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Mads last won the day on August 21

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About Mads

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  • Birthday 12/01/1975

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    Bergen, Norway
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    Trail running, skiing, science fiction, food and travel.

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    LabVIEW 2018
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  1. Passing data between executables on the same machine that happens to have the TCP stack loaded because it has a network interface anyway does normally not require a loopback adapter (unless any of the requirements I listed are in effect). If this was a serial link, then sure - you would need a physical or virtual null modem installed. The local TCP traffic never passes through any adapter anyway. As described in the first sentence here (where the need for loopback is in place because they want to capture the truly local traffic): https://wiki.wireshark.org/CaptureSetup/Loopback You can fire up the client-server examples in LabVIEW and run those with localhost, as long as the machine happens to have a single NIC installed. Any client-server will be able to do that. That's why I was wondering what's different here.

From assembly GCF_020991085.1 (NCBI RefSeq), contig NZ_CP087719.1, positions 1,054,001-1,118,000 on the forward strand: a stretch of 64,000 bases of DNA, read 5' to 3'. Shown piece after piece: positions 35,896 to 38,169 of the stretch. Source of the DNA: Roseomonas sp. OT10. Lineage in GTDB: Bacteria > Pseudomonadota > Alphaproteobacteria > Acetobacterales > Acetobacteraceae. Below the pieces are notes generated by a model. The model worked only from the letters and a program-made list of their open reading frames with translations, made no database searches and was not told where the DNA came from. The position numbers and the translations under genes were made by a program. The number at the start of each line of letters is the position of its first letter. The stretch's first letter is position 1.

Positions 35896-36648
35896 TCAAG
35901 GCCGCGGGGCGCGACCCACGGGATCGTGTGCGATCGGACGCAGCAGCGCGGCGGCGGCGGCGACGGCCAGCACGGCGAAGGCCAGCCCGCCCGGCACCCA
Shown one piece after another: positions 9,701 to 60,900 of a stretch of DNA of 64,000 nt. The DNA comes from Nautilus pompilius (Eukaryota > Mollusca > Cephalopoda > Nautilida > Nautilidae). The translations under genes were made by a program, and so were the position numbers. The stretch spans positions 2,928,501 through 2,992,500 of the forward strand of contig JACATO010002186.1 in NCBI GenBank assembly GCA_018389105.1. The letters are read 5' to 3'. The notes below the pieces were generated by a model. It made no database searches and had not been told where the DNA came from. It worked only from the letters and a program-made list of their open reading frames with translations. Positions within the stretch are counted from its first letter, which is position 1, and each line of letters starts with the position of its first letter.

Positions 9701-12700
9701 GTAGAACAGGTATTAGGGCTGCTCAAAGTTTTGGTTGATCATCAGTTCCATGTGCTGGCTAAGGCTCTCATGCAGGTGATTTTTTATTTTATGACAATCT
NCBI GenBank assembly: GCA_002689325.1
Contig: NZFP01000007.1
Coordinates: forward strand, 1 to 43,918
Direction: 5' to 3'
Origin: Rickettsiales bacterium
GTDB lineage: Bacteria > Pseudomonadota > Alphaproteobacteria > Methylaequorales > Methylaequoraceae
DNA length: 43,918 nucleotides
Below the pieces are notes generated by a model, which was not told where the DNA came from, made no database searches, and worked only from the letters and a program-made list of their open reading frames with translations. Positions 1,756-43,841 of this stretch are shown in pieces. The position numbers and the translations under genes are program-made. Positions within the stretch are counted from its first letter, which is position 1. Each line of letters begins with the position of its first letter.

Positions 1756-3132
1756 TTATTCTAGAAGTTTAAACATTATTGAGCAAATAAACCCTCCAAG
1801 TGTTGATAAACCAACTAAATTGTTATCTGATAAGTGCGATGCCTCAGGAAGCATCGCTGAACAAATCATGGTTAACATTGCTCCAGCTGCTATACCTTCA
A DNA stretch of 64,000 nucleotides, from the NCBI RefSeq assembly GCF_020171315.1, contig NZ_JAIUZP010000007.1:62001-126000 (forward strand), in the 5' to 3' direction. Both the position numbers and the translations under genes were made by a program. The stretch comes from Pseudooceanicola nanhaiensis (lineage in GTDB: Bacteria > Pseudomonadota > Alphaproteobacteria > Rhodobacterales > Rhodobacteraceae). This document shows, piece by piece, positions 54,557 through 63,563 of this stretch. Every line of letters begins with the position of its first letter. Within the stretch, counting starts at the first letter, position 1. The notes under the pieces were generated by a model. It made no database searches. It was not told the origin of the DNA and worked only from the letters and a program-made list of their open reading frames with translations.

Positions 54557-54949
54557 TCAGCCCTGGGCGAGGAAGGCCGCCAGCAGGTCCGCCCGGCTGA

2. Tested the 4.2 beta with success on a Linux RT x64 target today (cRIO-9030), where I have never gotten it to work previously. Compressed and decompressed folders with multiple files and subfolders, and used the inflate/deflate functions. The files that were compressed were also transferred to a PC to verify them there, and vice-versa.
  3. What is the role of the loopback adapter in this case? Do you need it to monitor the traffic through Wireshark for example? Or is the machine without a single physical network adapter so you have the loopback installed just to get access to networking? Or is it to handle a routing issue? Otherwise the link could be fully local, with all the shortcuts that allows the network driver to take.
  4. Downloaded it and so far I've tested it on LabVIEW 2019 and Linux RT ARM (cRIO-9063) with success (compression/decompression of files and folders and deflate/enflate on strings). I'll try a different target type later today. Only trouble so far is with the package format - my VIPM does not like opening ogp files from Windows (get an access error), but I can open it and install it manually from VIPM...That might be a local issue though.